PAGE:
May month end tid-bits
What market conditions favor buyers or sellers? We watch the market month over month with the number of homes selling, how many days on market, and is appreciation going up or down? Which factors would favor the market to improve for a seller or a buyer?
The following conditions would favor a seller:
- Number of homes for sale slowing: Lower number favors a seller. Less supply.
- Number of sales last month going up: Higher number equals less supply.
- Days on market going down: Supply depleting faster.
- Prices going up: Obviously favors sellers.
- Selling for close to list price: Favors the seller.
The following conditions would favor buyers:
- Fewer properties going under contract: More supply and choices.
- Days on market going up: More choices as properties hang around.
- Appreciation and prices going down or slowing: Reductions in prices.
- Success rate of listings getting sold getting less: More leverage for buyers.
Many buyers lament over coffee that despite the slowdown in the economy and the cost of borrowing money going up why have prices of homes that ran up so high a year ago not come down more? Because supply/inventory is still very low. Buyers have real power when they have choices. Sellers have the upper hand when they do not have choices.
Tina Tamboer market analyst for the Cromford Report this May reports the following:
The sharp decline in supply for Greater Phoenix is a good reason for buyers to have a sense of urgency about purchasing a home. Since the beginning of 2023, supply counts have been declining at an average rate of 246 listings per week and since the peak in October, total supply is down 42%. At this rate, the effects of the massive supply surge last year will be erased and the year-over-year change will be negative within 6 weeks. In fact, the Valley could see extremely low supply similar to 2021 and 2022 within 7-8 months if a significant source of supply doesn’t emerge.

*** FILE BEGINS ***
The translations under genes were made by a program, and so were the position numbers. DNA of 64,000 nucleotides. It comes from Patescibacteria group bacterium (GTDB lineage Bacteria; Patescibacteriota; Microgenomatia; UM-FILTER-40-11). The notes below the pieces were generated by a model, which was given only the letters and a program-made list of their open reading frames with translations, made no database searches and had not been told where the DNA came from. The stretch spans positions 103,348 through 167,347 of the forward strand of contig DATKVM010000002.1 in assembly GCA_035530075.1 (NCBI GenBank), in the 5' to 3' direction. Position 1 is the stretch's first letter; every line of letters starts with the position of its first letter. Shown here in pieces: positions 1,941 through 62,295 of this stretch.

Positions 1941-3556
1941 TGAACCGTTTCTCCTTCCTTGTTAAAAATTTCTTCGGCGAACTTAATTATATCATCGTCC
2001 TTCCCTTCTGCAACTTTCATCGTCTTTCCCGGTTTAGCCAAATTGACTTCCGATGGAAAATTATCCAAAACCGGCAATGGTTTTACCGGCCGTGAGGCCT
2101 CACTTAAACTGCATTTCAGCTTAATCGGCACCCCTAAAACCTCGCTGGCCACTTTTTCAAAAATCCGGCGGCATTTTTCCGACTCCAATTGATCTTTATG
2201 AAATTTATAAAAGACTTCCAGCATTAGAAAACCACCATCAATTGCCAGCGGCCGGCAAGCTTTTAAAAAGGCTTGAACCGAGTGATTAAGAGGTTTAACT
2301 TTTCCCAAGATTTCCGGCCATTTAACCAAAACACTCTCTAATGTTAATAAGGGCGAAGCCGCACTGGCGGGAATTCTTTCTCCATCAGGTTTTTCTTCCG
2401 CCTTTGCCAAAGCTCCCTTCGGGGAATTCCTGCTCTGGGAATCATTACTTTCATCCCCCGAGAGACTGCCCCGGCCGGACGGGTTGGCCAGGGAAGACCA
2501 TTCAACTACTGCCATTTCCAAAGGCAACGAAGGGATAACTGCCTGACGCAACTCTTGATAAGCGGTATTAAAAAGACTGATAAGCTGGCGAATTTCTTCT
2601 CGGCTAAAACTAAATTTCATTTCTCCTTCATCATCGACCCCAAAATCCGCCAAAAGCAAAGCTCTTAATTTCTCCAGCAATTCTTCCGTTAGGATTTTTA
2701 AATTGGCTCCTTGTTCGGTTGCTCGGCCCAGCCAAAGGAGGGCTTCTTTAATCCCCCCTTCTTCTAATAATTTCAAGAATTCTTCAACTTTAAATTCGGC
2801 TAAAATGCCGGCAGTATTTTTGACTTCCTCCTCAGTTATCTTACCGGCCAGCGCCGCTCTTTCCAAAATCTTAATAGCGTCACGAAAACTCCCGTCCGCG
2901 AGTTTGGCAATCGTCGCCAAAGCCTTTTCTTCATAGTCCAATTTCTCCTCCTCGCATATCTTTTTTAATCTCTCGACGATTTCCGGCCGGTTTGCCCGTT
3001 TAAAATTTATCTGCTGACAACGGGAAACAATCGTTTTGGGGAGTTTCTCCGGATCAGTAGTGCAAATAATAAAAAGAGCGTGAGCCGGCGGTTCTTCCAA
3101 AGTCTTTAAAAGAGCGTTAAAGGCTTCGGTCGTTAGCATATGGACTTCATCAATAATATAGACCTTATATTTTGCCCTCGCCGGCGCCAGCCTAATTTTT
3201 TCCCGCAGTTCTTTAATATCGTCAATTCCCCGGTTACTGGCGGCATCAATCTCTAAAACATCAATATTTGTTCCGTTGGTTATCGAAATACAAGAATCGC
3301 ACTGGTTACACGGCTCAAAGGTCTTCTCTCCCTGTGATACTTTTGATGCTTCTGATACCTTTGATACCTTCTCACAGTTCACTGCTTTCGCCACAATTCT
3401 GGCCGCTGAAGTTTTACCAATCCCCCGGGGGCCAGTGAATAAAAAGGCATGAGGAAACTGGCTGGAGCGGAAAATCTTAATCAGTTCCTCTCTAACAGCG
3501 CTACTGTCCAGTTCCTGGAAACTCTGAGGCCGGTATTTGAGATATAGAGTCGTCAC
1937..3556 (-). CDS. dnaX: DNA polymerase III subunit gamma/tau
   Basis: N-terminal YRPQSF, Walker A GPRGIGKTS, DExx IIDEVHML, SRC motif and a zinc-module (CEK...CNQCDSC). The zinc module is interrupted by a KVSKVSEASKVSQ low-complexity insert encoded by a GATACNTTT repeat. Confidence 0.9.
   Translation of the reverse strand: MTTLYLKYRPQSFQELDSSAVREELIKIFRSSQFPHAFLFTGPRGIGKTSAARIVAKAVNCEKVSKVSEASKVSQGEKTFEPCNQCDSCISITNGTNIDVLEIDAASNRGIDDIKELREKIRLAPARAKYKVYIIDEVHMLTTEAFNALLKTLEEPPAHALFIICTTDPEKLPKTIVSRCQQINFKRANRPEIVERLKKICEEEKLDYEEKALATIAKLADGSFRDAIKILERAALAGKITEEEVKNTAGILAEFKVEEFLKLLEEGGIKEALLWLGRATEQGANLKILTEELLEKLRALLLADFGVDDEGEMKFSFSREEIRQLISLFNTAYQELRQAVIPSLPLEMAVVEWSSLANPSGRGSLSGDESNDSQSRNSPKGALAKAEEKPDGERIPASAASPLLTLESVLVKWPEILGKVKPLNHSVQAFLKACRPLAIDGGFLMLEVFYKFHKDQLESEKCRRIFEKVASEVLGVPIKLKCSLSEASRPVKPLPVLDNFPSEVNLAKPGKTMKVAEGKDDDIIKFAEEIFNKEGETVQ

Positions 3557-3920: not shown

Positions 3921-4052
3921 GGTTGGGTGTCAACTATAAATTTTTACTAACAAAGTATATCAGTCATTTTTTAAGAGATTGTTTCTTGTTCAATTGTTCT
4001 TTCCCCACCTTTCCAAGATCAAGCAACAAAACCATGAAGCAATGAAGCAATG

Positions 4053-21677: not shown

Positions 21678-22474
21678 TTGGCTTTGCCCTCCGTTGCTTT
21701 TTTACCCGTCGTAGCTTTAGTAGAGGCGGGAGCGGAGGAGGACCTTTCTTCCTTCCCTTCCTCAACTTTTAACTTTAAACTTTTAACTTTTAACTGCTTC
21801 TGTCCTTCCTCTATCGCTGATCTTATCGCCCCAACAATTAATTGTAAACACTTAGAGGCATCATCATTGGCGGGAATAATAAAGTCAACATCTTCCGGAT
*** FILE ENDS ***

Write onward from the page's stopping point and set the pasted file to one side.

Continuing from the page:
While permits for new single-family homes dropped by 74% over the last half of last year, they have doubled since December. While that sounds encouraging, the build time for a new home is estimated at about one year. So, as the builders move through their permits and inventory from the first part of last year, there are fewer permits from the latter half to significantly boost new supply for sale going forward this year.
While prices are rising and recovering from the 2022 decline, they’re not spiking right now. This is good news. The appreciation rate since December is considerably more modest than what the market saw from 2020-2022, which is significantly more sustainable.
Mortgage rate predictions, meanwhile, are trending down. This month, organizations such as the Mortgage Banker’s Association, Freddie Mac, Compass Bank and the National Association of Realtors all declared expectations that rates may drop into the mid– to low– 5% range by the end of the year. A decline in the conventional rate to the 5% range could spur a surge in both supply and demand.
Unaffected by mortgage rates, the market over $1M has seen its 2nd best year in Greater Phoenix so far. May is typically the peak of the market for buyer activity in the top tier price ranges, and after local temperatures top 100 degrees, we tend to see a noticeable slowdown as they flee to cooler climates. Expect to see a spike in luxury homes cancelling or expiring their listings temporarily in June and then re-activate them in the Fall.
If your home is under $600K, you will want to keep an open mind about FHA buyers. Effective January 2023, the loan limit for FHA was raised to $530K and effective March 2023, FHA announced they were reducing the mortgage insurance premiums on their loans from 0.85% of the loan amount to 0.55%. On a $400,000-$500,000 loan, the monthly savings is about $100 off a buyer’s payment. Combine that with a 30-year fixed rate that runs from a quarter to a half point below the conventional rate, and that can knock off another $100 from the payment. With a possible $200 savings every month, more well-qualified buyers are choosing FHA over conventional financing.